Legal structures: the basics

Partnerships

There are three types of partnership:

  • 'ordinary' partnerships
  • limited partnerships
  • limited liability partnerships (LLPs)

Common features of all types of partnership

All three types of partnership have the following features in common:

  • two or more persons – ie the partners - share the risks, costs and responsibilities of being in business
  • a partner can be an individual or another business, eg a limited company or another partnership
  • the profits and gains of the partnership are shared among the partners, unless the partnership agreement states otherwise
  • each partner is personally responsible for paying tax on their share of the profits and gains, and for their National Insurance contributions
  • each partner must register for Self Assessment with HM Revenue & Customs (HMRC) and complete an annual tax return
  • a nominated partner must also send HMRC a partnership return
  • partners raise money for the business out of their own assets and/or with loans
  • the partners themselves usually manage the business, although they can delegate certain responsibilities to employees
  • it's possible to have 'sleeping' partners who contribute money to the business but are not involved in running it from day to day
  • the partnership must keep records showing business income and expenses

It's a good idea to draw up a written agreement between the partners. For further advice, consult an accountant or solicitor.

'Ordinary' partnerships

An 'ordinary' partnership has no legal existence distinct from the partners themselves. If one of the partners resigns, dies or goes bankrupt, the partnership must be dissolved - although the business can still continue.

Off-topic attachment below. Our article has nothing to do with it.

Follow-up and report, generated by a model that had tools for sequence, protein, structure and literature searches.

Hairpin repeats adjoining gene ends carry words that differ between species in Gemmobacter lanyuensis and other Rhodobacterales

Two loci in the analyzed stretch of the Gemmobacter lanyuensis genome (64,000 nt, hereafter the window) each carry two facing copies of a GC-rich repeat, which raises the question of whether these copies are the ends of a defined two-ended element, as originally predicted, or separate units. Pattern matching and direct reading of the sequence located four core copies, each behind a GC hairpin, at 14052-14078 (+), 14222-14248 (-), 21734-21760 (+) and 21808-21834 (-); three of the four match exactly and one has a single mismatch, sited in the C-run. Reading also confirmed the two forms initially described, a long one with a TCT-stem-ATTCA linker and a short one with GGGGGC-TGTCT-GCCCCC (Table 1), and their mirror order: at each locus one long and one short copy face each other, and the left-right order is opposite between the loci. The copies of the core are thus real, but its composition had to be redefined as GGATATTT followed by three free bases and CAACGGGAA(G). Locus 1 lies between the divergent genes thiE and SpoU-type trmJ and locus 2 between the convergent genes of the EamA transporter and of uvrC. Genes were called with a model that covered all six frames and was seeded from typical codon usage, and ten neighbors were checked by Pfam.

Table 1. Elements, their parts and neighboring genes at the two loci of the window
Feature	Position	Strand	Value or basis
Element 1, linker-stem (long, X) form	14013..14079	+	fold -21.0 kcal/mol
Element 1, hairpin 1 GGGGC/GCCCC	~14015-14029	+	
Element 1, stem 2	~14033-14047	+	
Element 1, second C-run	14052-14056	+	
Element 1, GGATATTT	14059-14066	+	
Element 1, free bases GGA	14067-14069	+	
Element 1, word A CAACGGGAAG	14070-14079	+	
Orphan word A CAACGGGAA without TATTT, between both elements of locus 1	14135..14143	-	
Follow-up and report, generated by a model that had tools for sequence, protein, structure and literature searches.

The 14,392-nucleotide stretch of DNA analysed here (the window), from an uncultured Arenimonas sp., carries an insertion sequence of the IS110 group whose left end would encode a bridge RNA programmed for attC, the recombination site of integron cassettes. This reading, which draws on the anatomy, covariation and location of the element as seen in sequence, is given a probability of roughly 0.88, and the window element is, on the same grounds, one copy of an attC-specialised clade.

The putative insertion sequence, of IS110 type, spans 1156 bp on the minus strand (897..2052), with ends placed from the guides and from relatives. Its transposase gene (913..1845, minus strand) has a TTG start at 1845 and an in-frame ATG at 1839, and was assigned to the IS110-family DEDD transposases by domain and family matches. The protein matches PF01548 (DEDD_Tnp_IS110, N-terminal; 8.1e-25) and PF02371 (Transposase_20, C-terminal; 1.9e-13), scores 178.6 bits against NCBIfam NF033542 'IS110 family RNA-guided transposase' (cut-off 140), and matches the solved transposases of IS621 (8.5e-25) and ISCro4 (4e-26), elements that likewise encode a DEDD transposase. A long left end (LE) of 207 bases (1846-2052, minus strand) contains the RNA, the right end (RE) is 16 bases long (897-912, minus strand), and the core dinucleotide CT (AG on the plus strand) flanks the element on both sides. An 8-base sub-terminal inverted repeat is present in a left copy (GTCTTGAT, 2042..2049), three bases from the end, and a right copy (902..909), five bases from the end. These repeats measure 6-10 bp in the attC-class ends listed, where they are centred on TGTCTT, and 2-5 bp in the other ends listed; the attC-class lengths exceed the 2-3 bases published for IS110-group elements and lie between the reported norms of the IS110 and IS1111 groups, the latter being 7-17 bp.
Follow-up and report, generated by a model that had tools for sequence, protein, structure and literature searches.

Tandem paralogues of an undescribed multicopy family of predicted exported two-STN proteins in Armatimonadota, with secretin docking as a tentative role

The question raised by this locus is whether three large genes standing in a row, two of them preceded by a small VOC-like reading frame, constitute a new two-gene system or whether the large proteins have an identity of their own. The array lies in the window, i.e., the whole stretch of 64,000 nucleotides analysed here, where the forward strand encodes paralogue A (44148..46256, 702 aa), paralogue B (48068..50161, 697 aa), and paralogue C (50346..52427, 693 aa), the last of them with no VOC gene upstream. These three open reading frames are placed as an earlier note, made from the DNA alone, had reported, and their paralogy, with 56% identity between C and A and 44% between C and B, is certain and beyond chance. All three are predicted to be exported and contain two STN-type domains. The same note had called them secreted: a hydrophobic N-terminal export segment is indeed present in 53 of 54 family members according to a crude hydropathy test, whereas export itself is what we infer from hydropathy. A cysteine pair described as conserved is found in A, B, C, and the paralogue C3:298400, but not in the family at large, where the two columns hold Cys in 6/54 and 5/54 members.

A partnership is a relatively simple and flexible way for two or more people to own and run a business together.

Ordinary partnerships also have to be registered with HMRC for tax purposes. The nominated partner does this by registering the partnership for Self Assessment.

If the partnership has debts, the partners are jointly liable for any amounts owed and so are equally responsible for paying off the whole debt.

Creditors can claim a partner's personal assets to pay off any debts - even those debts caused by other partners.

If a partner leaves the partnership, the remaining partners may be liable for the entire debt of the partnership.

Therefore, partners do not enjoy any protection if the business fails.

For more information on going into partnership, see our guide on how to set up and register a partnership.

For more information on Self Assessment, see our guide on tax returns for partners and partnerships.

Limited partnerships

A limited partnership is made up of a mixture of ordinary partners and limited partners.

Limited partnerships must register with Companies House but don't generally have to make an annual return or file accounts. When they receive the registration Companies House inform HMRC that the limited partnership has been set up. HMRC will set up the partnership's tax records so there is no need to register with them.

Ordinary partners are jointly liable for any debts owed by the partnership and so are equally responsible for paying off the whole debt.

A limited partner's liability is limited to the amount of money they have invested in the business and to any personal guarantees they have given to raise finance.

For more information on starting a limited partnership, see our guide on how to set up and register a limited partnership.

Limited liability partnerships (LLPs)

LLPs must have at least two designated members - the law places extra responsibilities on them.

If for any reason the number of designated members falls to one, every member is deemed to be a designated member.

LLPs must:

  • register with Companies House
  • send Companies House an annual return
  • file accounts with Companies House

When they receive the registration Companies House inform HMRC that the LLP has been set up. HMRC will set up the LLP's tax records so there is no need to register with them.

A partner's liability is limited to the amount of money they have invested in the business and to any personal guarantees they have given to raise finance.

This means that members have some protection if the business runs into trouble.

For more information on starting an LLP, see our guide on how to set up and register a limited liability partnership (LLP).

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